[Page 275]

"Because of lack of water the prisoners were obliged to satisfy their thirst by drinking the stagnant water in the water closets."
Page 119 of Document F-121, Page 103 in the German text, third paragraph:
"The surgical work was done by a German who claimed to be a surgeon from Berlin, but who was an ordinary criminal. At each operation he killed the patient."
Two paragraphs lower:
"The management of the block was carried out by two Germans, who acted as sick-bay attendants; unscrupulous men, who carried out surgical operations on the spot with the help of a certain H - who was a mason by trade."
After the statement by our witnesses, who in their capacity as doctors of medicine, were able to care for patients in the camp infirmaries, it seems superfluous to give further quotations from our documents.

When the workers had been worked to the point of exhaustion, when it seemed impossible that they could ever recover, selections were made to set apart those who were of no further use, with a view to exterminating them either in the gas-chambers, as related by our first witness, Madam Vaillant Couturier, or by intra-cardiac injections, as related by two other French witnesses, Dr. Dupont and Dr. Balachowsky.

This system of screening was carried out in all the camps, and was done in execution of general orders, proof of which we find in Document R-91.

In the first document book the Tribunal will find the testimony of Blaha, testimony which it will certainly recall and which was given here on 9 January - it is the 5th document of the first document book, the testimony of Blaha, Document 3249-PS -

THE PRESIDENT: You have already given this as evidence, have you not?

M. DUBOST: I am not going to read it. I merely wish to recall this for the record, because it enters into the body of proofs which I wish to submit.

THE PRESIDENT: We do not want affidavits by witnesses who have already given evidence. This affidavit, PS-3249, has not been put in, has it?

M. DUBOST: No, I am merely recalling the testimony which was given at the session. We shall not submit this document, Mr. President. We are merely using it to remind the Tribunal that during the session Blaha pointed out conditions existing in the infirmaries.

To all these wretched living conditions must be added work, exhausting work, for all the deportees were intended to carry out extremely hard work. We know that they worked in labour gangs and in factories, we know, according to the witnesses, that the duration of this work was a minimum of 12 hours, and that it was often prolonged to suit the whim of the camp commandant.

Document R-129, from which I have already read, which was issued by Pohl, and addressed to Himmler, Pages 22 and 23 of the second document book, suggests that the working hours should be limited to a certain extent.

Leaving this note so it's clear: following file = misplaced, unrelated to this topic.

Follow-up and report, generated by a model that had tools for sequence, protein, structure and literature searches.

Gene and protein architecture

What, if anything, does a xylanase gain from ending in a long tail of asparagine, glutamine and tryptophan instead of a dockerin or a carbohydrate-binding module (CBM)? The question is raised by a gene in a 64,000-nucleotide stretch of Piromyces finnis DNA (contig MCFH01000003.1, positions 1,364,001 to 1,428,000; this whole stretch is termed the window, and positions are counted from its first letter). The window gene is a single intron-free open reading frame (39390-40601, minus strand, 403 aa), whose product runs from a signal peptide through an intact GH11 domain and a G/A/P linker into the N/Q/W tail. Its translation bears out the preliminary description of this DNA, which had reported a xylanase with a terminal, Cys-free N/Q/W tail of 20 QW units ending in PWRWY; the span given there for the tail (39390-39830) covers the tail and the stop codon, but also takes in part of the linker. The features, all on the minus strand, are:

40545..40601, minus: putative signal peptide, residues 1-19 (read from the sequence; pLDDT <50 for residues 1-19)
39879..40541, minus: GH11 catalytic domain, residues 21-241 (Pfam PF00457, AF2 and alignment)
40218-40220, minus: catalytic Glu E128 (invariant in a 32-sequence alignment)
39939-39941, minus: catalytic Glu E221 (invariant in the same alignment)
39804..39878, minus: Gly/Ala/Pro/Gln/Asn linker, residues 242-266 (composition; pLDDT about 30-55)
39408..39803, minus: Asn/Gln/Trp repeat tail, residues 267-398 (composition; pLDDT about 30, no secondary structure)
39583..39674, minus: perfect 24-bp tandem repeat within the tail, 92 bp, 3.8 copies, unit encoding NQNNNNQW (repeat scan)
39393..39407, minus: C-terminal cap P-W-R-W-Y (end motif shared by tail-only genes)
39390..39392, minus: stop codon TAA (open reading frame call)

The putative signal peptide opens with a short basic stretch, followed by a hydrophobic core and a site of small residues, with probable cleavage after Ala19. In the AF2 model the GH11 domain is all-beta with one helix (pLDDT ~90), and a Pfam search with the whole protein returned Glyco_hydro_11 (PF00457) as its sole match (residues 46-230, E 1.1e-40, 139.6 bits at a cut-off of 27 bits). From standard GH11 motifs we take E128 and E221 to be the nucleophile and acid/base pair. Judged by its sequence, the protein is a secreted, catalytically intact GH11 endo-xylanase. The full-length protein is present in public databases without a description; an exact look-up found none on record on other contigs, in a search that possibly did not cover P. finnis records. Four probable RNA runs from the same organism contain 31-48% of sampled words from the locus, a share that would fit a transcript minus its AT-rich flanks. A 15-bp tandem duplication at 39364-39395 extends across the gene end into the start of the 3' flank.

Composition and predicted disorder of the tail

This work was carried out, according to the witnesses, in water, and in mud, in underground factories in Dora, for instance, and in quarries in Mauthausen. In addition to the work, which was exhausting in itself, the deportees were subject to ill-treatment by the SS and the Kapo, such as blows, or being bitten by dogs.

Our Document F-274, Pages 74 and 75, brings official testimony to this effect. Is it necessary to read to the Tribunal from this document, which is an official one, to which we constantly refer, and which has been translated into German and into English?

THE PRESIDENT: I do not think you need read it. Give us the page.

[Page 276]

M. DUBOST: Thank you, Mr. President.

This same document, Pages 77, 78, informs us that all the prisoners were forced to do the work assigned to them, even under the worst conditions of health and hygiene. There was no quarantine for them even in case of contagious diseases or during epidemics.

The French Document 392, which we have already submitted and which is in the first document book - the testimony of Doctor Steinberg - confirms that of Madame Vaillant- Couturier. It is the twelfth document of your first document book, third paragraph, Page 4.

"We received half a litre of herb tea; this was when we were awakened. A supervisor, who was at the door, hastened our washing by giving us blows with a cudgel. The lack of hygiene led to an epidemic of typhus."
At the end of the third paragraph and the beginning of the fourth :
"The conditions under which the prisoners were taken to the factories."
In the fifth paragraph: "Description of shoes.
We had been provided with wooden shoes which in a few days caused us wounds. These wounds produced boils which brought death to many."
I shall now read Document R-129, Pages 22, 23 and 24 in the second document book, and which we submit under the number-

THE PRESIDENT: One moment; the Tribunal will adjourn now for fifteen minutes.

(A recess was taken)